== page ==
House debates

Monday, 22 September 2008

Grievance Debate

BHP Billiton

8:40 pm

Photo of Sharon GriersonSharon Grierson (Newcastle, Australian Labor Party) Share this | Hansard source

My grievance tonight is to focus on the importance of knowledge and research to Newcastle and the nation. The key to my grievance are some of the activities of BHP Billiton that are not endearing it to the people of Newcastle, in particular continued job losses at the BHP Billiton Technology Centre at Shortland. Before I reflect upon these job cuts, I want to impart to the House some industrial history. BHP, the big Australian, as it used to be known, commissioned its first steelworks in Newcastle in 1915. It established the Port Waratah Stevedoring Company in 1923. In 1932, it purchased the Lambton colliery near Newcastle. In 1957, it opened its central research laboratories in Newcastle. In 1980, when the Newcastle BHP steelworks were at its peak, it employed 11,500 people. BHP was part of the very fabric of our community and played a huge role in shaping our institutions, culture and economic development.

Under the Hawke government, the need for BHP to restructure and modernise was recognised with the 1983 Button steel plan—a $100 million plan that gave bounties to BHP on the production of certain products for five years, gave antidumping measures and the promise of productivity improvements and wage restraint from the unions in return for an undertaking to keep its three steel plants running, invest in modernisation and protect jobs. The outcome for Newcastle after a specific allocation of $42 million from the government was that the Newcastle steel plant, a plant built in 1912 that produced by 1½ million tonnes a year, was closed in 1999 and written off at a cost of $220 million to BHP and a human cost of ongoing hardship for many of the workers of the BHP Newcastle steelworks.

The world does change and industry does come and go, but by 1999, when the BHP steelworks closed its doors, its workforce was down to about 2,000 people. When the plant closed, BHP workers walked out with dignity, celebrating with pride the contribution they had made to steel making in Australia. But there was sadness too. Indeed, depression and suicide were a notable legacy of the BHP closure for some time—one less documented perhaps than the $220 million asset write-down to the BHP.

Certainly parts of BHP’s operations and infrastructure lived on in Newcastle under different guises. One Steel, which was split from BHP in 2000, continued and continues downstream with the tube making and wire milling operations—albeit with a much reduced workforce. Indeed, early this year, One Steel announced that it was closing the former BHP bar mill at Mayfield, with a net loss of about 180 jobs. This was in addition to the 240 jobs lost just before Christmas last year when One Steel closed its pipe and tube plant. Job losses are always regrettable, but I am amongst the first to acknowledge One Steel’s industrial and stock market success. When One Steel was spun off out of BHP, its resources and capital were less than optimum—actually they were appalling.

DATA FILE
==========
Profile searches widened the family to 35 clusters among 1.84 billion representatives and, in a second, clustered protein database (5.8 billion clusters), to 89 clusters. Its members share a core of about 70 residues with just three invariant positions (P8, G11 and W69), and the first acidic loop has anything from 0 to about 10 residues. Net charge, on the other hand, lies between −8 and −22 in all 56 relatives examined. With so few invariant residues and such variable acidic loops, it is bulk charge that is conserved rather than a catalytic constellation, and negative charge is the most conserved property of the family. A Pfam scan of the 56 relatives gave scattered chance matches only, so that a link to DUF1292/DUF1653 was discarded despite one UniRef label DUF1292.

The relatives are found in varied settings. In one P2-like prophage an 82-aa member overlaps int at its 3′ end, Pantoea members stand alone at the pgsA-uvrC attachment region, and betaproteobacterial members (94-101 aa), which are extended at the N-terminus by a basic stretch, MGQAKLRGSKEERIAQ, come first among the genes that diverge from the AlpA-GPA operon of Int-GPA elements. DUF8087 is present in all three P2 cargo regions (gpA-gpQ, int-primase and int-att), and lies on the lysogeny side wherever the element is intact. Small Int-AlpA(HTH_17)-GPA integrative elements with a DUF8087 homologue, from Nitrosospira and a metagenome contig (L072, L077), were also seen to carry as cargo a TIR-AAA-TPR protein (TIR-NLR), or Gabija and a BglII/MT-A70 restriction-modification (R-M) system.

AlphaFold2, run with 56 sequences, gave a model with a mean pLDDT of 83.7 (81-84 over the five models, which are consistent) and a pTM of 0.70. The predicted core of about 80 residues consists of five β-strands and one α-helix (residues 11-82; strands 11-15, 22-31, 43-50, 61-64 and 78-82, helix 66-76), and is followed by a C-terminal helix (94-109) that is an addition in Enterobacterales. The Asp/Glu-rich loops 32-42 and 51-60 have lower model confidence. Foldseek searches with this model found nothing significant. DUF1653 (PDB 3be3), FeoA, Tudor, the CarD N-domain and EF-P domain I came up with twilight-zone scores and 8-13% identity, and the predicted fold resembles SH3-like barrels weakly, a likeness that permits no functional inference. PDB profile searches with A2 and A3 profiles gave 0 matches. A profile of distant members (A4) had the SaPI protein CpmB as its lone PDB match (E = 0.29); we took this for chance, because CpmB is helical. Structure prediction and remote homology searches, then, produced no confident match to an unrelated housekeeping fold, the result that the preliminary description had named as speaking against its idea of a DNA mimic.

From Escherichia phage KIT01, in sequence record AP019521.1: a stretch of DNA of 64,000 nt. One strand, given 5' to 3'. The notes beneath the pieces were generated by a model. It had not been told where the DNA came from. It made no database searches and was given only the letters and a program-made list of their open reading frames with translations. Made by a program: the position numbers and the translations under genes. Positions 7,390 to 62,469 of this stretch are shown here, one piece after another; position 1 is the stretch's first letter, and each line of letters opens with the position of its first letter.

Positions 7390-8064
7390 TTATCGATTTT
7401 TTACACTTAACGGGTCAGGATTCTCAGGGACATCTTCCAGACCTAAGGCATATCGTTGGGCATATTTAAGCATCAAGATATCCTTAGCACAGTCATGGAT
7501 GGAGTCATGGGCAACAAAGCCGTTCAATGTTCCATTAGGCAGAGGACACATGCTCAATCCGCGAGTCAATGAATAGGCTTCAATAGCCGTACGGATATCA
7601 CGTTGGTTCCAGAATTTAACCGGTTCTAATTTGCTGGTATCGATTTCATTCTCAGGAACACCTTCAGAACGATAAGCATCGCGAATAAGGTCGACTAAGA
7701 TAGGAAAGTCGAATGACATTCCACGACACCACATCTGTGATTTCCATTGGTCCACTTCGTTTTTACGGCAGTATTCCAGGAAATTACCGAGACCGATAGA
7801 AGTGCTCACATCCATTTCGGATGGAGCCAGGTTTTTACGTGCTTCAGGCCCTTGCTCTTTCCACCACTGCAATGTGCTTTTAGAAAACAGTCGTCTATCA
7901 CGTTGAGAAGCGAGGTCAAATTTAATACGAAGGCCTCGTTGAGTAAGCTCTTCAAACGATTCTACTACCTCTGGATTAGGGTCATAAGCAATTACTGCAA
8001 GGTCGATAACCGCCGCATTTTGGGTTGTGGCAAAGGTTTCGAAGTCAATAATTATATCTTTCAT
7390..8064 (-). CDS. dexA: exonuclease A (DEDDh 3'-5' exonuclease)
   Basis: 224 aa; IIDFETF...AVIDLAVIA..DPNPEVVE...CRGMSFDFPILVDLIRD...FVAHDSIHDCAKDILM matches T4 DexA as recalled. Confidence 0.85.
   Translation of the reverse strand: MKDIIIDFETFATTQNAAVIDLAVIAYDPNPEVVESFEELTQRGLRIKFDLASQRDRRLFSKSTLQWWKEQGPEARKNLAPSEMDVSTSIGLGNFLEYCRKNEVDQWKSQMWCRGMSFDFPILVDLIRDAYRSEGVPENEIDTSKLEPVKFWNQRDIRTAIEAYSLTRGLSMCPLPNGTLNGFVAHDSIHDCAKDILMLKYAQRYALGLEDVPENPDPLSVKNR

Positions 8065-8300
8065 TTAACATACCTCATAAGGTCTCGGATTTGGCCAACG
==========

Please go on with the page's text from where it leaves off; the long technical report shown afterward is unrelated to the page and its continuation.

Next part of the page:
Under the leadership of Geoff Plummer, the Newcastle plant prospered and One Steel went on to become one of Australia’s most successful companies—a tribute to management, staff and workers who made that possible. When the One Steel job losses were announced, I did speak with Geoff Plummer and told him of my desire to gain more high-end, smart jobs for Newcastle. Having seen too often plant suffering from lack of investment and jobs walk out of town as a result, I stressed to him the importance of the high-end jobs to embedding and sustaining opportunity in Newcastle. With an average weekly income of $825 in the Hunter region, it is the clever, high-tech jobs that can sustain our long-term growth and prosperity.

Another part of BHP’s operations which did continue in Newcastle was its technology centre at Shortland. This centre undertakes research and development on minerals and is part of vital work being undertaken by scientists in institutions all around the nation. Part of my grievance tonight is BHP Billiton’s decision to axe, firstly, 16 contract employees at the Shortland technology centre last month. This decision was announced just hours after BHP announced a record $17.8 billion profit. This is an enormous profit that titillated even the most hardened industry and economic commentators. To put it into perspective, the Commonwealth’s budget surplus this year was $21.7 billion; BHP’s profit was 17.8 billion.

Certainly, it came as a shock to us in Newcastle to hear of job losses straight after such a big profit announcement, but things got worse. After a meeting with senior executives from BHP Billiton the week after these job losses were announced it was clear that the future of the remaining 137 workers at the centre was far from assured. I thank Liz McMahon and Bert Nacken from BHP Billiton for responding to my concern and coming, at my request, if not demand, to Canberra to meet with me and to discuss the realignment of their research activities—code for ‘most of the job losses will be in Newcastle’.